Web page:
Volte-Face (About-Face) explores the motif of the human face through a collection of digitally fabricated sculptures and images. Through many forms of mediating the human image, Bryan Cera invites viewers to examine both utopian and cynical elements of emergent technologies and the ways they shape human identity.
Employing primitive processes— drawing on paper, building with clay – along with contemporary ones— 3D Printers, computer numerical controlled robots— these objects celebrate technology freed from a prescribed utilitarian role. This represents a technological maturation of expression of the artistic gesture. It also articulates Cera's curiosity about the relationship between his artistic vision and how it is realized through machine processes. But in his choice of subject, Cera also critiques the reciprocal nature of humanity and technology. We shape technology, but it also shapes our perception of ourselves.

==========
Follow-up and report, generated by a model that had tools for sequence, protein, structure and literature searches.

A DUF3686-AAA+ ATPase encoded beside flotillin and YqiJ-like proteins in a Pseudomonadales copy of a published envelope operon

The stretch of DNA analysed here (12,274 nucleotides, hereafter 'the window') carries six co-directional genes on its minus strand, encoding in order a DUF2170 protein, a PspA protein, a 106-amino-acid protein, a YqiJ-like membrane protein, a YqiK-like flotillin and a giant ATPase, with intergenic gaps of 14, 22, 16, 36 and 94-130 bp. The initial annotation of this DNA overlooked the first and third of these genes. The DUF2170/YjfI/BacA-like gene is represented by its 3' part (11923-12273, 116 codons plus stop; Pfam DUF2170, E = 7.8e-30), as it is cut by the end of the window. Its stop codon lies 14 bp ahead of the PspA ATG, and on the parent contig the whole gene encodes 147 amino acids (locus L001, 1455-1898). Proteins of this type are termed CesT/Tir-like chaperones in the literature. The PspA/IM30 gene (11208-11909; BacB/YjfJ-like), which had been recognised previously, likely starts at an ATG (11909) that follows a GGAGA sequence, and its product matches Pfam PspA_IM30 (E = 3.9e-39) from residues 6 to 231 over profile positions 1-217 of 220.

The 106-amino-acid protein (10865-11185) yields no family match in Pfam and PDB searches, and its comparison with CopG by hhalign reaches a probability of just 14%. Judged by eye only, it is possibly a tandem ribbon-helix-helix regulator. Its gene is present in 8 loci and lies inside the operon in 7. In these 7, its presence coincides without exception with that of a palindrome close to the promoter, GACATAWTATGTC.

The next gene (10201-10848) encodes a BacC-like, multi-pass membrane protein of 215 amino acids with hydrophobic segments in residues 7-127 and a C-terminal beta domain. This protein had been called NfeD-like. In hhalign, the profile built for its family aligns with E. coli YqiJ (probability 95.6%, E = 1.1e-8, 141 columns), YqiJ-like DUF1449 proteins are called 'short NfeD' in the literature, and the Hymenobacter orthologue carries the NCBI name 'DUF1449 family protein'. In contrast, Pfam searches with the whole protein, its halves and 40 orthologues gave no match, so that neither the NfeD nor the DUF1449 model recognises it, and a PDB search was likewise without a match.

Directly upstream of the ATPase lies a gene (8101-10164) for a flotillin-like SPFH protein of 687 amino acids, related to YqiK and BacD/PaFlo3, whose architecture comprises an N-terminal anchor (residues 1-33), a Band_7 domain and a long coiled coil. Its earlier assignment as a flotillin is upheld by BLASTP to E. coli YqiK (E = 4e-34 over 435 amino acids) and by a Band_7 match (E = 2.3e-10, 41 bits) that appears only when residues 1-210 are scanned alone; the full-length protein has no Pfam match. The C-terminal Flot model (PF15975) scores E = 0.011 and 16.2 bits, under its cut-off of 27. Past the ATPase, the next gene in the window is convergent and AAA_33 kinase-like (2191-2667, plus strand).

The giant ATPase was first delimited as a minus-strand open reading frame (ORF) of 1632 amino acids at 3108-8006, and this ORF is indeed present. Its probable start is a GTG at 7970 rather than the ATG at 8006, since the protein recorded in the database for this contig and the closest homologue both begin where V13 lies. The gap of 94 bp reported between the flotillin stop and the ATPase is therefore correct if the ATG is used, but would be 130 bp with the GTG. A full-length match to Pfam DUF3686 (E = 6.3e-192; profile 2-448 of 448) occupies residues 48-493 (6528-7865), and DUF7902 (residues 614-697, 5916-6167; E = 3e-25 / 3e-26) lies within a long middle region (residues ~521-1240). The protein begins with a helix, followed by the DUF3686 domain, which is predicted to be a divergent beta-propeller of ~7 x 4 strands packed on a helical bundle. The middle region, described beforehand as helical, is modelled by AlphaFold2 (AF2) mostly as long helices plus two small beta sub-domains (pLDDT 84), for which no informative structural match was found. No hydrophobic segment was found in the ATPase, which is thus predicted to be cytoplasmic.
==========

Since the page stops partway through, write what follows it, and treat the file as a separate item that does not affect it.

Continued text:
Throughout Volte-Face, the presentation of the human form mirrors a humanity that has been globalized and digitized: disembodied, impersonal, anonymous. Volte-Face asks us to meditate on the technologies that re-mediate us.